The winding path down to the monastery was hemmed with tall pines, glowing orange in a slow-motion sunset. Women carrying firewood strapped to their backs crossed our path and greeted us with namastes. The shepherdesses followed their goats who were leisurely chomping on grass as they made their way back to the village.

A view of a sun-kissed peak of the Dhauladhar range from Rakkh Resort
A view of a sun-kissed peak of the Dhauladhar range from Rakkh Resort

Nestled between the steep granite peaks of the Dhauladhars and the sweeping Kangra Valley in Himachal Pradesh, Rakkh is one of those fast-becoming-scarce places almost untouched by the tenacious forces of commercialization. Barely inhabited by five hundred or so families, the houses are still built of mud, wood and slate barring a few concrete monstrosities. But it is a village, nonetheless. Women still prepare their meals on firewood and you will cross a cowshed after every two houses. Almost everyone has a vegetable patch outside their house. 

Slate roofs are a common sight at Rakkh village
Slate roofs are a common sight at Rakkh village
A cheerful woman at the village, all set to prepare the evening's meal
A cheerful woman at the village, all set to prepare the evening’s meal

At the monastery, a nun hurriedly fingered her prayer beads as she walked in circles around the blooming garden while an old monk bestowed upon us the warmest smile I’d seen in a long time. It was already dark by the time we left and I mistook the luminous, creamy orange ball behind the pine trees for a street-lamp. It was actually the moon. I don’t remember seeing it that big ever.

An intricately craved door knob at the monastery
An intricately craved door knob at the monastery

As we dragged our weary public transport accustomed bodies back to the comforts of Rakkh Resort, a huge bonfire awaited us outside the resort’s traditional Himachali open kitchen. Even though the menu offers a variety of cuisines, the resort focuses on promoting local flavors by preparing for its guests the traditional dhaam (feast) cooked on a wood-fired chulha by a sweet lady from the village. We gorged on khatta maas (mutton slow-cooked in a tangy gravy), saag with jaggery, and a kadhi made with thinned-buttermilk and chapattis. 

A traditional Himchali dhaam meal at the resort
A traditional Himchali dhaam meal at the resort

With fifteen cottages, a spa and a multi-cuisine restaurant spread over an entire slope of a hill overlooking the vast expanse of the Kangra Valley on its south and snow-clad peaks on its north, the resort offers all the amenities one can expect in a location as remote as this without going over-board. The bathrooms have all the latest fittings and the bed is fit for a king but there is no room-service, no internet and no television.The cottages are constructed from locally-sourced materials. There are shampoo and soap dispensers in the bathrooms instead of the tiny plastic bottles that we are used to. Even the drinking water in the room is stored in glass bottles. And to top it all, one side of the room is made of sliding glass doors. Waking up to a view like that with mountains staring at back at me with eagles and swallows flying around their peaks is the greatest luxury I could ever ask for.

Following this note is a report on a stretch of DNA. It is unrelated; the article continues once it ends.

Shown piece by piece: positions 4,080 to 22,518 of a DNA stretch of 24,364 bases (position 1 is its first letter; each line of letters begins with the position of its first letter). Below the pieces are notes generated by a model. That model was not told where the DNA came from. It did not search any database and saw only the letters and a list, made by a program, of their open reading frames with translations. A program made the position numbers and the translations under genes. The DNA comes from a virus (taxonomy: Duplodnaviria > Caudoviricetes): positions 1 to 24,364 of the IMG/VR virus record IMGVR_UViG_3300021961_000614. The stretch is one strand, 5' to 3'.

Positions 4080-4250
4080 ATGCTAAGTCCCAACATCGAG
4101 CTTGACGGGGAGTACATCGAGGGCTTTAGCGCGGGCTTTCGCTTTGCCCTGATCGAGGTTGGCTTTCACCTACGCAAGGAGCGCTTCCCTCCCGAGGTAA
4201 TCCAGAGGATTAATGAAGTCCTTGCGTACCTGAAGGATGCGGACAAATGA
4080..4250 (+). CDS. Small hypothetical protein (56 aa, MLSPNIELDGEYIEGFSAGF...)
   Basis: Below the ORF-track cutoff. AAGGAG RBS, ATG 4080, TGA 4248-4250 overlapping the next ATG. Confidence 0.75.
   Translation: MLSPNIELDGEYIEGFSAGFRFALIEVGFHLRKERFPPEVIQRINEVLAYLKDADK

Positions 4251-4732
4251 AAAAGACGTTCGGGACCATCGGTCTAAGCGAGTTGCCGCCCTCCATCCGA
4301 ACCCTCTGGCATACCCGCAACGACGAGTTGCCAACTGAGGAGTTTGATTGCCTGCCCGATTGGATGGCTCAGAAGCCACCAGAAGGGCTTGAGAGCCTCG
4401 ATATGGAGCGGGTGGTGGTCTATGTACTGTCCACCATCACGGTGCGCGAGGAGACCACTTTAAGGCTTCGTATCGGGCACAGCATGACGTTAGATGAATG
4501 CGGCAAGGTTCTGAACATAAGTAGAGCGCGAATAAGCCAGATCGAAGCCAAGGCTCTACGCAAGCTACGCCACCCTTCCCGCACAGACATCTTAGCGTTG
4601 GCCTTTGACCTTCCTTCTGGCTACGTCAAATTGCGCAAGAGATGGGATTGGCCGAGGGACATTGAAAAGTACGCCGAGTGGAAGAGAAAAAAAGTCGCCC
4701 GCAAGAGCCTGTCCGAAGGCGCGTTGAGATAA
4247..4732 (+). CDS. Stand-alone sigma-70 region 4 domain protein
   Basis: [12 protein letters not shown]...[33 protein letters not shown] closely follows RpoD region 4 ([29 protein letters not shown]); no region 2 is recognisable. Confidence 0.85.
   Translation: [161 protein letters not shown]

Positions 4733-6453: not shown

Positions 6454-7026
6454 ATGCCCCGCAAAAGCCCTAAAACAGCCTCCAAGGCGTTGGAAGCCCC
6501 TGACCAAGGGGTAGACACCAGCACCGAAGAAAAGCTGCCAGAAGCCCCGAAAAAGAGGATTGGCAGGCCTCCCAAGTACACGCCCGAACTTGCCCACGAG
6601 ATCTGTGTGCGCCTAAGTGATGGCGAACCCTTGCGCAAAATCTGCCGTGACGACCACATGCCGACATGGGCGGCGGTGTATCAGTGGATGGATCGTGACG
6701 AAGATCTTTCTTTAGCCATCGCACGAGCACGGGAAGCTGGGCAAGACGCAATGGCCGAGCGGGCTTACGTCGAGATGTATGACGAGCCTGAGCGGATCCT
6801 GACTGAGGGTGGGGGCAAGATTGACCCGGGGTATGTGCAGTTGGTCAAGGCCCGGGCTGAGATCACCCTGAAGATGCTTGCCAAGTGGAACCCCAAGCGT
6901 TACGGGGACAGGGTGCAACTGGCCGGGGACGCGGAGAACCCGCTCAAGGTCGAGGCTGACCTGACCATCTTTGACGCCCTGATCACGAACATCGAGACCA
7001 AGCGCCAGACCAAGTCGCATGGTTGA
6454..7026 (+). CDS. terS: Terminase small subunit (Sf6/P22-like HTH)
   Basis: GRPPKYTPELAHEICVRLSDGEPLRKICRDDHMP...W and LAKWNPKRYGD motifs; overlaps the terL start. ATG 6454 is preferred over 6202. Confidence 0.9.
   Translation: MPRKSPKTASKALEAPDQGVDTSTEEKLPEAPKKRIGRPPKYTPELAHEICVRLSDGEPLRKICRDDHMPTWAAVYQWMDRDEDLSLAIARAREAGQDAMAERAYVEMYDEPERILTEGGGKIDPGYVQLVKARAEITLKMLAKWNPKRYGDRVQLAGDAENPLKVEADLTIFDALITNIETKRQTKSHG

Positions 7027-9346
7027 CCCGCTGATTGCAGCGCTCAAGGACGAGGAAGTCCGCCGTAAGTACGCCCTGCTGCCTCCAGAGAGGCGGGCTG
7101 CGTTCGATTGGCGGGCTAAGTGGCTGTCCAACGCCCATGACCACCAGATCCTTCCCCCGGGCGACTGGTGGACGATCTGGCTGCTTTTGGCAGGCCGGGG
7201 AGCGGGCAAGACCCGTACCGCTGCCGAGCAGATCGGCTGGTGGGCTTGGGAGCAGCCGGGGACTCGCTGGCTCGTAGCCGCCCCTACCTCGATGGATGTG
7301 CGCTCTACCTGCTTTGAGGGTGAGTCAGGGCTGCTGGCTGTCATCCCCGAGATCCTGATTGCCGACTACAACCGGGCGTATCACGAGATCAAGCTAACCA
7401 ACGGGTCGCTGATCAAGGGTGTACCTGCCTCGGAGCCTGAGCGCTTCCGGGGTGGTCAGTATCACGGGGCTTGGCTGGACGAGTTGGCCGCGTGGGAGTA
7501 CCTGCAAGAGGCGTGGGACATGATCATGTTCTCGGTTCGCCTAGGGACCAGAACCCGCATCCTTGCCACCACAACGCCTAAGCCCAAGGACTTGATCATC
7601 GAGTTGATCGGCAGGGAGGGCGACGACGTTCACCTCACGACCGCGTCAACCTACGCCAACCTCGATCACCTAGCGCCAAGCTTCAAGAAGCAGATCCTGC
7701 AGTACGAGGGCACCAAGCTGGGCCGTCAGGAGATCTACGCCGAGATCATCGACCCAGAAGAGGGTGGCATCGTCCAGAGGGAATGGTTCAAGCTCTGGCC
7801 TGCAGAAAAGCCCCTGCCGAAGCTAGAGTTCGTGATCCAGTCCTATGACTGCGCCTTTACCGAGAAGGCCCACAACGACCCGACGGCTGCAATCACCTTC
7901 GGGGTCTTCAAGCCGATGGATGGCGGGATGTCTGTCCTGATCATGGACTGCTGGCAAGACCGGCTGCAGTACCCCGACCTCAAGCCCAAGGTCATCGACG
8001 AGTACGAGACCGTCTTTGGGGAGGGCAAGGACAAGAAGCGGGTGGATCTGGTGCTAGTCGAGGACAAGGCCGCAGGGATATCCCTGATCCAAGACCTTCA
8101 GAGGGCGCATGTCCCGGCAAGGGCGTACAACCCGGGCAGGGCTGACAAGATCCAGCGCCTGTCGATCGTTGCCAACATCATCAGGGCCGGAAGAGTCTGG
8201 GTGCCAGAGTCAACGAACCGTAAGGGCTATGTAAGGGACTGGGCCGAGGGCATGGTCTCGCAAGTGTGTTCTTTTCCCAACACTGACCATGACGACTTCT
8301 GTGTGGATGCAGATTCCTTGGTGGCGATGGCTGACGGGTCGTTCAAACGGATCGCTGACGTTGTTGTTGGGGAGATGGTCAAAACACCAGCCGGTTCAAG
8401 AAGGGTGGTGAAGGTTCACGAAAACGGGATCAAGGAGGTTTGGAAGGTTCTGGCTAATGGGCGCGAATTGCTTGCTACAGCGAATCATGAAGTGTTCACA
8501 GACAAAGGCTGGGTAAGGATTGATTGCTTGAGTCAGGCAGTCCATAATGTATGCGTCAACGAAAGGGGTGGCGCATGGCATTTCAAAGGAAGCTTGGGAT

Cottages at Rakkh Resort

Cottages at Rakkh Resort

On my second day in Rakkh, our guide Sam took us on a hike up to the Sidh Baba Mandir, a little shrine perched on top of a hill adjacent to the resort. On the way we dipped our feet in the cold, clear water of a gurgling stream. We got lost in the sheer variety of wildflowers growing all around us. We lay down in a meadow, smoked cigarettes and collected pine cones till we finally reached the top of the hill. There we saw a lone two-storey house standing beside the temple. Built in the traditional Kangra-style, the 300-year old house is inhabited by a family who has been living there for the last nine generations. They invited us in for tea. We sat with the grandmother and listened to her reminisce about the years gone by as the great mountains pocketed the sun.

A stream on the way up to Side Baba Mandir

A stream on the way up to Side Baba Mandir

The information

Getting There
Rakkh is easily accessible by air from the Kangra-Gaggal Airport which is less than an hour’s drive away. There are generally two daily flights from Delhi and onward connecting flights nationwide. The nearest railheads at Pathankot and Una are a 3 hour drive.

Location
Ghamrota Village, P. O. Ballah, Tehsil Palampur, District Kangra, Himachal Pradesh, India- 176061

Contact
+ 91-8800409567,  info@rakkh.com

Things to Do
The resort organizes visits to nearby Bajinath Temple, Andretta Pottery, Dharamsala and McLeod Ganj. All can be done in a day since they are located nearby. It also offers pottery and weaving workshops along with guided mountain biking, hiking trails, wall climbing, slack-lining and camp skills workshops for children.